That’s where prototyping comes in. Prototyping is often used to display interaction and it includes design too. According to my view, a prototype should be something that allows to test the experience of a user with the software that is being designed. In the same way as a car prototype is a real car you can sit in and drive, a prototype of an application should be something very similar to a real app, which you can actually use and test the user experience with. A prototype is functional: you click, you go to another page; you fill a form, you get real data and use them. And much more.

Hi-fi simulation is a complement to all this: you have a fully interactive prototype when you can simulate and test it in high-fidelity, i.e. when you can convey a high-tech representation of the design concepts, resulting in partial to complete functionality, ideally on the actual device. You don’t have to explain, or trust your client’s capabilities of imagining an app or website: what he sees is what he gets.

 

When is the right time for wireframing vs. prototyping?

Wireframes may be useful in the early stages of a project as long as no interaction plays an important role in the represented screens. For example, when designing web sites, usually the weight of the design is more on the content than on how the user will interact with it (although this is something that is slowly changing because websites are getting increasingly interactive). So a wireframe can be useful to set a number of screen layouts without having to involve the graphic designer, describing the general content, and the basic layout and interactions.

However, if the screens have a lot of interaction, you should move to a prototyping phase. Imagine Facebook defined only with boxes and arrows, clearly not enough. High-fidelity prototyping lets you show relations and rich interactions with a “file” that works just as if it was the real website or app, reacting and interacting with the user.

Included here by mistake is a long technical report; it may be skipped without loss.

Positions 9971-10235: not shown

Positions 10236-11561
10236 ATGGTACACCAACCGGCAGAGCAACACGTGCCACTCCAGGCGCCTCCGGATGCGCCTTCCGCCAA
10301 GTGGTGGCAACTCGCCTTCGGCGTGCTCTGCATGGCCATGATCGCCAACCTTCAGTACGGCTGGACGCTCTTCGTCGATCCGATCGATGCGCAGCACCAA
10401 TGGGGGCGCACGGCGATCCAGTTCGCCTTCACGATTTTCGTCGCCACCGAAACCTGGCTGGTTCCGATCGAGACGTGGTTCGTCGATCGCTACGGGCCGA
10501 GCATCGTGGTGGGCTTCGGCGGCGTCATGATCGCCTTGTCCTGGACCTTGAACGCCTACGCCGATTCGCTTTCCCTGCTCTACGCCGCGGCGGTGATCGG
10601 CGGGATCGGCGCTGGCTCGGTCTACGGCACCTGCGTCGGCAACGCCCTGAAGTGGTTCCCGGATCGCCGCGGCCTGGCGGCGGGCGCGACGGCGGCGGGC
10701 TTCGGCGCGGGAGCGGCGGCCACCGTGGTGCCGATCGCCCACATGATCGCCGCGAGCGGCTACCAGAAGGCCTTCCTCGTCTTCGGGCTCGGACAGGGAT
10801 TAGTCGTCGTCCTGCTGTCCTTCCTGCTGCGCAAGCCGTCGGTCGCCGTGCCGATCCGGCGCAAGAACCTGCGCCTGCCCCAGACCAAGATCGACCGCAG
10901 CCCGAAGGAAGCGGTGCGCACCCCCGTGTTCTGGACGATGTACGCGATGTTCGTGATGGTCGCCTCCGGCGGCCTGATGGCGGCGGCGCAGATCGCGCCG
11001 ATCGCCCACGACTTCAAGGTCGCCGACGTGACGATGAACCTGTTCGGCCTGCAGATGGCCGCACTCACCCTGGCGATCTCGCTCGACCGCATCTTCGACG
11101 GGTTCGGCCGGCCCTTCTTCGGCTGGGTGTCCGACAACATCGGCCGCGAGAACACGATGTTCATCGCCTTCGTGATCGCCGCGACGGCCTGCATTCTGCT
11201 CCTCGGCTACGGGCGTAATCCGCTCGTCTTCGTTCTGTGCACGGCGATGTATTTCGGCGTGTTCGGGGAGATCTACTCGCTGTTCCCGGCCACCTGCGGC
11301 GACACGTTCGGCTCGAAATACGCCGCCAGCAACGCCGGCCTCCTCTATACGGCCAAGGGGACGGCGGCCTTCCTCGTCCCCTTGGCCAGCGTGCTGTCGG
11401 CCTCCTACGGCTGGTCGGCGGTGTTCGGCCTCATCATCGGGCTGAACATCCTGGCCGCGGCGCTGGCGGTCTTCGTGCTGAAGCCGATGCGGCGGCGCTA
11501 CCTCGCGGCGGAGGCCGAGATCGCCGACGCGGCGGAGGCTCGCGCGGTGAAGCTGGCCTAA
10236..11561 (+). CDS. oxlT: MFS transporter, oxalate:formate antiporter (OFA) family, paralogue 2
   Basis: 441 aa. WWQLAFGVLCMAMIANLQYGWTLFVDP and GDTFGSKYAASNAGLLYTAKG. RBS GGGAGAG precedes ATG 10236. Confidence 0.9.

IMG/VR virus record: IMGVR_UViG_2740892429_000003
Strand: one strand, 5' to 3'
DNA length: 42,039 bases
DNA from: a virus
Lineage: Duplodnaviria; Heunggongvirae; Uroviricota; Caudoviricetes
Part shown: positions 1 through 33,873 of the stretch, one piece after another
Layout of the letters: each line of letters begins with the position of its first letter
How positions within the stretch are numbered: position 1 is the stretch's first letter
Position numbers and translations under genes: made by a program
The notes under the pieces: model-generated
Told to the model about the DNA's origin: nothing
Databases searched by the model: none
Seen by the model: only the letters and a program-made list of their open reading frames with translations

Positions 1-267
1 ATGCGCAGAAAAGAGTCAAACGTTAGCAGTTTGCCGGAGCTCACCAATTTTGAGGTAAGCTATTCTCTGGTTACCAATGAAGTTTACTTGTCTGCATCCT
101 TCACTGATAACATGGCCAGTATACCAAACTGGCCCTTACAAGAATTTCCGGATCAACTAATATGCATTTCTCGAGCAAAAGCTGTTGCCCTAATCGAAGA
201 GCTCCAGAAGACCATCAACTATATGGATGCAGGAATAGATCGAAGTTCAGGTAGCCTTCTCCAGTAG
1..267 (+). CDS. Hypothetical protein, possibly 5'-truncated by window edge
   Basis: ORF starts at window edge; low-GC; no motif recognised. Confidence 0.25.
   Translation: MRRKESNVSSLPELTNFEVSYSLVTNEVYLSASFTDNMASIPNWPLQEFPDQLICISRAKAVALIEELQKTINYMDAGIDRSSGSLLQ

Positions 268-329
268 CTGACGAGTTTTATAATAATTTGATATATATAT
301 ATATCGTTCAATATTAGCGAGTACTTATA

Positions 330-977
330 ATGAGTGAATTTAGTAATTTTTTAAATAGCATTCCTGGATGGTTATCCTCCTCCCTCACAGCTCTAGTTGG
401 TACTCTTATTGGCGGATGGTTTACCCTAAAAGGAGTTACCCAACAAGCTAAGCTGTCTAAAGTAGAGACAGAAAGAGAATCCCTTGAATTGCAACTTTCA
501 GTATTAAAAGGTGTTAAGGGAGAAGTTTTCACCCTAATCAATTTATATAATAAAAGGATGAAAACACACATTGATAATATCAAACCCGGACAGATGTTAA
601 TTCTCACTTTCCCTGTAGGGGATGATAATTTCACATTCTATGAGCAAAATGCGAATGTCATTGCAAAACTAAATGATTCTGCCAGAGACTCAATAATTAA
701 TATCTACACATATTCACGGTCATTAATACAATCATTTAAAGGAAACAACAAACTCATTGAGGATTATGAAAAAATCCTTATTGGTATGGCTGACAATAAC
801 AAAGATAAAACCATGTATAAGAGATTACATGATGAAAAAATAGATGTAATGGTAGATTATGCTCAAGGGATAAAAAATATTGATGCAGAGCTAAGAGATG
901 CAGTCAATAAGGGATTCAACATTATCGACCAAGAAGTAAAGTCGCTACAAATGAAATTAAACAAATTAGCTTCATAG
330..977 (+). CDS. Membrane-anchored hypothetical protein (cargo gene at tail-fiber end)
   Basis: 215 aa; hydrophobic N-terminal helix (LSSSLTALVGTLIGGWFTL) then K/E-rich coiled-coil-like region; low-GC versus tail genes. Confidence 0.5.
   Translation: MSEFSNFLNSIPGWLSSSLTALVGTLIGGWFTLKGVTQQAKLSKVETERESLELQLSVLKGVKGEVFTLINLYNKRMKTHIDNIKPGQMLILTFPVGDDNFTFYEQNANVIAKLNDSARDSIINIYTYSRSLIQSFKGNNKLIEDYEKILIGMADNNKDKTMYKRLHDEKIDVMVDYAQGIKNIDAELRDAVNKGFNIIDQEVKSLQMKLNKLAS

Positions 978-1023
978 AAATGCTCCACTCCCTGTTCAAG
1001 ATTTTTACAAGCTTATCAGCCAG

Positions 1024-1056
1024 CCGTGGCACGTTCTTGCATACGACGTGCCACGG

A final step is validation and testing, performed through hi-fi simulation with real users and project stakeholders.

 

How does Justmind help with wireframing, prototyping, and hi-fi simulation?

Consider the following scenarios:

  • You’re a designer, and the programmer didn’t understand that tiny little detail that makes a huge difference to the final product.
  • You’re a coder and need to know exactly what to code, and not change it every other day.
  • You’re a UX Designer, and need to test everything, but it takes too long and it’s very expensive to get it all tested.

That’s where Justinmind comes in and makes a difference letting everyone involved in a project see, understand, approve and start working on the real, final version.  Justinmind is a WYSIWYG drag and drop tool that can be used both to draw wireframes and to build fully interactive prototypes.

Justinmind also integrates with the most popular design tools, and includes advanced navigation and simulation with real data, in order to create prototypes so realistic-looking that a user might not be able to differentiate them from a real application or website. Data simulation comes in particularly handy: there is nothing like data visualization to give you and your client a clear understanding of how the project is going to work.

This way, you can test your future app or website before starting to develop it, and with no coding skills. It’s drag and drop, by learning some basic commands and tricks, anyone can create some advanced navigation interactions.

As far as hi-fi simulation is concerned, in Justinmind you can simulate your prototypes in any browser, choosing actual devices’ simulators, where you can simulate mobile gestures too. Most importantly, through our app, it is possible to simulate on the actual devices.

 

How can I test my Just in Mind prototype? With whom should I be testing my prototype?

Justinmind is a very versatile and flexible tool, and you can perform all sorts of tests with it.

The Simulate button lets you work with the prototype directly on your browser and realize moderate testing remotely or in person, in an extremely easy way.

The advanced commenting system, the simulation features and the possibility to upload your prototypes online allow you to share your designs and let other users simulate and give feedback without the owner of the prototype needing to be there in person.

Also, since the simulation basically uses HTML5, it is possible to integrate the prototypes with testing tools, like Validately. And this can simply be done with a click from our online platform.

As far as who should test the prototypes: the more the better. Ideally, prototypes should be tested with potential users but it’s also very useful to test them with developers, and in general with anyone involved in the project, in order to make sure that the plan has been correctly understood by all contributors.